Since the last edition of EBL, in 2008, the Logic School was incorporated to the Conference, aimed at undergraduate and graduate students interested in Logic and connected researches, but it is also open to anyone who may be interested. The Logic School will happen on the weekend beforehand the Conference, on May 7th -8th, 2011.
The lectures delivered in the Logic School will be the following:
We present the old problem of propositional satisfiability, the original NP-complete problem, together with recent developments that led to the capability of solving SAT problems with tens and even hundred of thousands of variables, discussing their theoretical relation to proof theory and empirical results such as phase transition, which allows us to present the strategy that Deolalikar employed in a recent (and not yet accepted) attempt to prove that P?NP.
The problem of Probabilistic Satisfiability was proposed by George Boole in 1854 and was rediscovered several times since. It lies at the intersection of Deductive and Probabilistic reasoning, but almost all approaches to deal with it were based on linear algebraic approach. We present new approaches to PSAT based on Logic and hybrid Logic-Algebraic, discuss algorithms, theoretical properties and empirical properties such as phase transitions.
The recent historical development of computer assistants for doing formal deduction is outlined. The focus lies on *Isabelle*, one of the most popular and well-succeeded generic environments for implementing mathematical theories and logical systems, and for reasoning with them. The metalanguage of *Isabelle* is based on Church's Type Theory and its basic reasoning mechanism implements a natural deduction formalism for a higher-order logic in which implication, quantification and equality are used to deal with inference, variables and rewriting. A single reasoning principle is employed: higher-order resolution, based on higher-order unification. All such tools and concepts are to be explained and illustrated in this lecture.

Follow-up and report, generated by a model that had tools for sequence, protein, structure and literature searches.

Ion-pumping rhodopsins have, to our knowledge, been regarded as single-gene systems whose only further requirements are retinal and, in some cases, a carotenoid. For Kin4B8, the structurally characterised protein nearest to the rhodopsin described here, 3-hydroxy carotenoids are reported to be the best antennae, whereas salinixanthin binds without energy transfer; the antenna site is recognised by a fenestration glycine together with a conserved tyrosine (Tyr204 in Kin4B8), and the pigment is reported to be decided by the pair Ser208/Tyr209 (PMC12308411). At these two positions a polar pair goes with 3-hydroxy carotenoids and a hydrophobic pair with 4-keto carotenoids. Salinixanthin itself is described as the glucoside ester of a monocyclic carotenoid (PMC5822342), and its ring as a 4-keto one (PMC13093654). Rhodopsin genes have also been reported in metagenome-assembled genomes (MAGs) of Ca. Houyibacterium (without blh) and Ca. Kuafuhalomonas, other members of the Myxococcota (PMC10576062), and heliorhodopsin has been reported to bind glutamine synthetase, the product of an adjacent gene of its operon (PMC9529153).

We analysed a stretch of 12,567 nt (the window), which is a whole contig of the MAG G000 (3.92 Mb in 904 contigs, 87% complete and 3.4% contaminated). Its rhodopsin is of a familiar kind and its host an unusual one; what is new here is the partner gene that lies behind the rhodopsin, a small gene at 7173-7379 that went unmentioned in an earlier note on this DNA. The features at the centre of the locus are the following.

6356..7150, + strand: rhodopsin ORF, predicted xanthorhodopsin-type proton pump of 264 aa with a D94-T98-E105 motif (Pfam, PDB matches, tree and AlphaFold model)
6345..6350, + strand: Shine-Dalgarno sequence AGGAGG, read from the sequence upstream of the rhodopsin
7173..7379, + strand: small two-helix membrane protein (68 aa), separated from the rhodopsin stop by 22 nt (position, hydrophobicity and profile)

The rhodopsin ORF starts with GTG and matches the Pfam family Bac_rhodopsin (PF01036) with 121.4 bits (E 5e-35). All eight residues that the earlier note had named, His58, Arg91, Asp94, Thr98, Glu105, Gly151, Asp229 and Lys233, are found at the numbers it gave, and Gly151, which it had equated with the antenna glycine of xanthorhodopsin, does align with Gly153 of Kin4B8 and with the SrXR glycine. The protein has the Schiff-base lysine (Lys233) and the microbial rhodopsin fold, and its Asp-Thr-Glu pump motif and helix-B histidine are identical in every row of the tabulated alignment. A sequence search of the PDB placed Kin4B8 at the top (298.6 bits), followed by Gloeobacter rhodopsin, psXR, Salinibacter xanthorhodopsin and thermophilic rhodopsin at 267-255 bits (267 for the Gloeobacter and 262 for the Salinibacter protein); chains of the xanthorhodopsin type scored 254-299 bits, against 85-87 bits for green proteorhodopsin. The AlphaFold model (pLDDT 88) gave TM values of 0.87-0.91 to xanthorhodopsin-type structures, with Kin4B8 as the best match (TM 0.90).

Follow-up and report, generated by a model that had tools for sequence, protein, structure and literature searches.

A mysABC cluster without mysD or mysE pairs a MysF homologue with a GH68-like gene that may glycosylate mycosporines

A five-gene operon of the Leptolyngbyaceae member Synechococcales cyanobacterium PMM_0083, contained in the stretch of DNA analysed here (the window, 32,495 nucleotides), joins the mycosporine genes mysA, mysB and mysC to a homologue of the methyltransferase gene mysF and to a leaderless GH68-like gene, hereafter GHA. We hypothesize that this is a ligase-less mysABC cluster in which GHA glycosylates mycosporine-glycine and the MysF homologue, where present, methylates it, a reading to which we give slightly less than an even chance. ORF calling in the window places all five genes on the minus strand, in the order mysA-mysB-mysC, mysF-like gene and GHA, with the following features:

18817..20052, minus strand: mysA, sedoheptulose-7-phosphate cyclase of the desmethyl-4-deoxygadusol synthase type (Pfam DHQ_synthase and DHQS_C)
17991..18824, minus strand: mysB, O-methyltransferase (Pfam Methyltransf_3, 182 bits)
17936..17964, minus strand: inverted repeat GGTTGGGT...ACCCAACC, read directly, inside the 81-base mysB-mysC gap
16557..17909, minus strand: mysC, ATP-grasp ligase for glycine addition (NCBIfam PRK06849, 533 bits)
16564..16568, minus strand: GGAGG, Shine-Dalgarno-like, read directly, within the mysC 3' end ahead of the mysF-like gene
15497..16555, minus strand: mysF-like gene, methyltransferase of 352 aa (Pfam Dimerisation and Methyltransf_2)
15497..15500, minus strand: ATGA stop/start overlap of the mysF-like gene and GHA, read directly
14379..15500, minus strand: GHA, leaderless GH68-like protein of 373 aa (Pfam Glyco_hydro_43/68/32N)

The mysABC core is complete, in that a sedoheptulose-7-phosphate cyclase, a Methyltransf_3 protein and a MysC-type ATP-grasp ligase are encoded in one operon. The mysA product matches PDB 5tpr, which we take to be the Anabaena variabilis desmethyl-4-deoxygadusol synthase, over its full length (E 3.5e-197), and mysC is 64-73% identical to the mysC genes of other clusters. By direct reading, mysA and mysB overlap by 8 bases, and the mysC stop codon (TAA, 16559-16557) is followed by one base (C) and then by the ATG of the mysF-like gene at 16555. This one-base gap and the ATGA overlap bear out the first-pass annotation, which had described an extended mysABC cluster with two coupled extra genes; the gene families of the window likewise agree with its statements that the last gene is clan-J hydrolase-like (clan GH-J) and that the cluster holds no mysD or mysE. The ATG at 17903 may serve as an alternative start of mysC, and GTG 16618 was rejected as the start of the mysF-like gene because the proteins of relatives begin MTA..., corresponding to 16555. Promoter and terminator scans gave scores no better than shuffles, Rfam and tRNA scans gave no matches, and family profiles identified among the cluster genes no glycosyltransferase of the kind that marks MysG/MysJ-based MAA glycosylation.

In this lecture, instead of concentrating on the plethora of deductive systems that come already implemented with the basic distribution of *Isabelle*, we'll show instead how *Isabelle* may be used _ab nihilo_ for the design and the practical use of deductive systems for a variety of known logics. We'll illustrate this possibility, initially, by the implementation of classical inference rules (propositional and first-order) in several formats: natural deduction, sequent-style, tableaux, hilbertian systems. Next, we'll illustrate the implementation of rules typical to non-classical logics, with an emphasis on labeled modal logics. In each case we'll see how the framework of *Isabelle* allows us to freely experiment with the definition of our deductive systems, as well as to prove theorems and check hypothetical conjectures within or about such systems.
The goal of the mini-course is to show that, by generalizing
the usual Boolean approach to semantics by means of polynomials over finite
rings (in particular, Galois fields), it is possible to represent semantics
and proof theory for several truth-functional and non-truth-functional
propositional logics, bringing back a unity between logic and algebra
which vindicates some intuitions by Boole and Leibniz. As motivating examples,
I will discuss completely elementary ways of proving in several many-valued,
paraconsistent and modal logics obtained by handling multivariable polynomials
over Boolean rings. Starting from an observation that finite functions
(and even non-deterministic functions) can be represented as power series,
the method naturally applies to certain logics which are uncharacterizable
by finite-valued semantics (in particular to the LFI's, or "logics of
formal inconsistency" and to some modal logics). The resulting method
might be of interest for informatics and automatic proof procedures. Some
challenging problems in connection to this approach, as extensions of
the method to intuitionistic logic, to full quantified logic, to modal
logics in general and to infinite-valued logics (as Lukasiewicz logic),
as well as connections to abstract algebraic logic, will also be discussed.
1) Historical perspectives and an overview on Boolean algebra